AND C.IndexName = IX.the_index
                LEFT JOIN ##Index_History IH ON C.DatabaseName = IH.the_database
                                                AND C.SchemaName = IH.the_schema
                                                AND C.ObjectName = IH.the_object
                                                AND C.IndexName = IH.the_index
        WHERE   C.CommandType = ''ALTER_INDEX''
                AND C.ObjectType = ''U''
                AND C.Command LIKE ''%REORGANIZE%''
                AND C.DatabaseName = ''' + @DatabaseToInvestigate + '''
                AND IH.the_database IS NULL
        GROUP BY C.DatabaseName
               ,C.SchemaName
               ,C.ObjectName
               ,C.IndexName
               ,IndexType
               ,IX.fill_factor;'
		--PRINT @SQLstr
       EXEC (@SQLstr)
--========================================================
-- ACCOUNT FOR INDEXES BOTH REBUILT AND REORGANIZED
--========================================================
       SET @SQLstr = 'UPDATE  ##Index_History
					  SET     reorg_count = C2.reorganize_count
					  FROM    ##Index_History IH
					  INNER JOIN (SELECT  C.DatabaseName
						     ,C.SchemaName
							   ,C.ObjectName
							,C.IndexName
                           ,	COUNT(C.ID) AS reorganize_count
                      FROM    ' + @CommandLogDatabase + '.dbo.CommandLog C
                      WHERE   C.CommandType = ''ALTER_INDEX''
                              AND C.ObjectType = ''U''
                              AND C.Command LIKE ''%REORGANIZE%''
                              AND C.DatabaseName = ''' + @DatabaseToInvestigate
           + '''
			          GROUP BY C.DatabaseName
                            ,C.SchemaName
                            ,C.ObjectName
                            ,C.IndexName
                    ) C2 ON IH.the_database = C2.DatabaseName
                            AND IH.the_schema = C2.SchemaName
                            AND IH.the_object = C2.ObjectName
                            AND IH.the_index = C2.IndexName
					  WHERE   IH.rebuild_count > 0'
--print @SQLstr
       EXEC (@SQLstr)
--============================================================================
-- RETURN THE RESULTS
--============================================================================

       SELECT   the_database
               ,the_schema
               ,the_object
               ,the_index
               ,index_type
               ,ISNULL(CONVERT(VARCHAR(20), fill_factor), 'No longer exists') AS fill_factor
               ,rebuild_count
               ,reorg_count
       FROM     ##Index_History
       WHERE    rebuild_count >= @CountThreshold
                OR reorg_count >= @CountThreshold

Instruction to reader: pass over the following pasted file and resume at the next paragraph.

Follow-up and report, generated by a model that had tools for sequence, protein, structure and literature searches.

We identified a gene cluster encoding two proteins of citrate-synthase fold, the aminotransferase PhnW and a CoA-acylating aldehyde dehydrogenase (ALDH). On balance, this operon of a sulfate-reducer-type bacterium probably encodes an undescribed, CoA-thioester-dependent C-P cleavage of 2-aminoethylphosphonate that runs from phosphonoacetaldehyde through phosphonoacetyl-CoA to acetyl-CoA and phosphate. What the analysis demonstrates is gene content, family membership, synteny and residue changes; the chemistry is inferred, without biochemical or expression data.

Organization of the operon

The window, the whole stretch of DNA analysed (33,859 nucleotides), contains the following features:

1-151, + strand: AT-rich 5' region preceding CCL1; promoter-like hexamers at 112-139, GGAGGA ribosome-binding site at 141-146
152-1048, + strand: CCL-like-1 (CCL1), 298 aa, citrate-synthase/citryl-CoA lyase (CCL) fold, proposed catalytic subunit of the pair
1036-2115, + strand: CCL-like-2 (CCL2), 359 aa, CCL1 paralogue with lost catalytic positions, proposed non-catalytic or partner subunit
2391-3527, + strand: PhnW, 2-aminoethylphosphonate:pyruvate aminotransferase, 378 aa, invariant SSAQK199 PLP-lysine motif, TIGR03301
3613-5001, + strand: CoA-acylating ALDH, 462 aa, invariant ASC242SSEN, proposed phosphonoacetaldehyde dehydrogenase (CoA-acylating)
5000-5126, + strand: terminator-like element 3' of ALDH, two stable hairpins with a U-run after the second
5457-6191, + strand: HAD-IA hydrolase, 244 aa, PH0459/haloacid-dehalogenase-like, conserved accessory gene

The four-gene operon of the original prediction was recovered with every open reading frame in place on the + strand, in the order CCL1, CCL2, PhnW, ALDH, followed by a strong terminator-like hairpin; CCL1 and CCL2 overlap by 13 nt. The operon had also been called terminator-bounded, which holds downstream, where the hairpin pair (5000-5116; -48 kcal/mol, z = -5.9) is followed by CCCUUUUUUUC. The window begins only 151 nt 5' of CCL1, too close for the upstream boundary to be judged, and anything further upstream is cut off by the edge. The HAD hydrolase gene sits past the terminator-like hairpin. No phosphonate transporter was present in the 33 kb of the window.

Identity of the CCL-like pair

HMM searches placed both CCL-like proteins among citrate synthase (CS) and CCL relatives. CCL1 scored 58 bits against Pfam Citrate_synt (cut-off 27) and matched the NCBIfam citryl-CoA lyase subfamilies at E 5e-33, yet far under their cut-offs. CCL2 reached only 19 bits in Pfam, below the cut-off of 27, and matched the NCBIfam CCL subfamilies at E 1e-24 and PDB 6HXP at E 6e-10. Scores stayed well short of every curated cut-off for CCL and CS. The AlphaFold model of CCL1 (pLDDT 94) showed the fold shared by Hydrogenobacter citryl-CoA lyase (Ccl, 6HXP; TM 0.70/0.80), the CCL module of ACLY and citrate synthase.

ORDER BY the_database
               ,rebuild_count DESC
               ,reorg_count DESC
               ,the_object
               ,the_index

       INSERT   INTO ##Recommendations
                (CommandLine)
                SELECT  'USE [' + the_database + ']; ' + @CRLF
                        + 'ALTER INDEX [' + the_index + '] ON [' + the_schema
                        + '].[' + the_object + '] ' + @CRLF
                        + 'REBUILD PARTITION = ALL WITH (PAD_INDEX = OFF, '
                        + 'STATISTICS_NORECOMPUTE = OFF, SORT_IN_TEMPDB = ON, ONLINE = ON, '
                        + @CRLF
                        + 'ALLOW_ROW_LOCKS = ON, ALLOW_PAGE_LOCKS = ON, FILLFACTOR = '
                        + CASE WHEN fill_factor = '0'
                               THEN CAST(@OverRebuildThresholdNewFF AS VARCHAR(3))
                               WHEN fill_factor = '100'
                               THEN CAST(@OverRebuildThresholdNewFF AS VARCHAR(3))
                               WHEN fill_factor <= @OverRebuildThresholdNewFF                                THEN CAST(@OverRebuildThresholdNewFF - 10 AS VARCHAR(3))                                
							   WHEN (fill_factor > @OverRebuildThresholdNewFF AND 
								fill_factor <100)
                               THEN CAST(@OverRebuildThresholdNewFF AS VARCHAR(3))
							  ELSE NULL /* unknown case */                           END + '); '  + @CRLF AS RebuildCommand                 FROM    ##Index_History                 WHERE   rebuild_count >= @CountThreshold
                        AND (fill_factor = 0
                             OR fill_factor >= 60)
                UNION ALL
                SELECT  'USE [' + the_database + ']; ' + @CRLF
                        + 'ALTER INDEX [' + the_index + '] ON [' + the_schema
                        + '].[' + the_object + '] ' + @CRLF
                        + 'REBUILD PARTITION = ALL WITH (PAD_INDEX = OFF, '
                        + 'STATISTICS_NORECOMPUTE = OFF, SORT_IN_TEMPDB = ON, ONLINE = ON, '
                        + @CRLF
                        + 'ALLOW_ROW_LOCKS = ON, ALLOW_PAGE_LOCKS = ON, FILLFACTOR = '
                        + CASE WHEN fill_factor = '0'
                               THEN CAST(@OverReorgThresholdNewFF AS VARCHAR(3))
                               WHEN fill_factor = '100'
                               THEN CAST(@OverReorgThresholdNewFF AS VARCHAR(3))
                               WHEN fill_factor <= @OverReorgThresholdNewFF                                THEN CAST(@OverReorgThresholdNewFF - 10 AS VARCHAR(3))                                
							   WHEN (fill_factor > @OverReorgThresholdNewFF AND 
								fill_factor <100)
                               THEN CAST(@OverReorgThresholdNewFF AS VARCHAR(3))
							  ELSE NULL /* unknown case */                           END + '); ' + @CRLF AS RebuildCommand                 FROM    ##Index_History                 WHERE   reorg_count >= @CountThreshold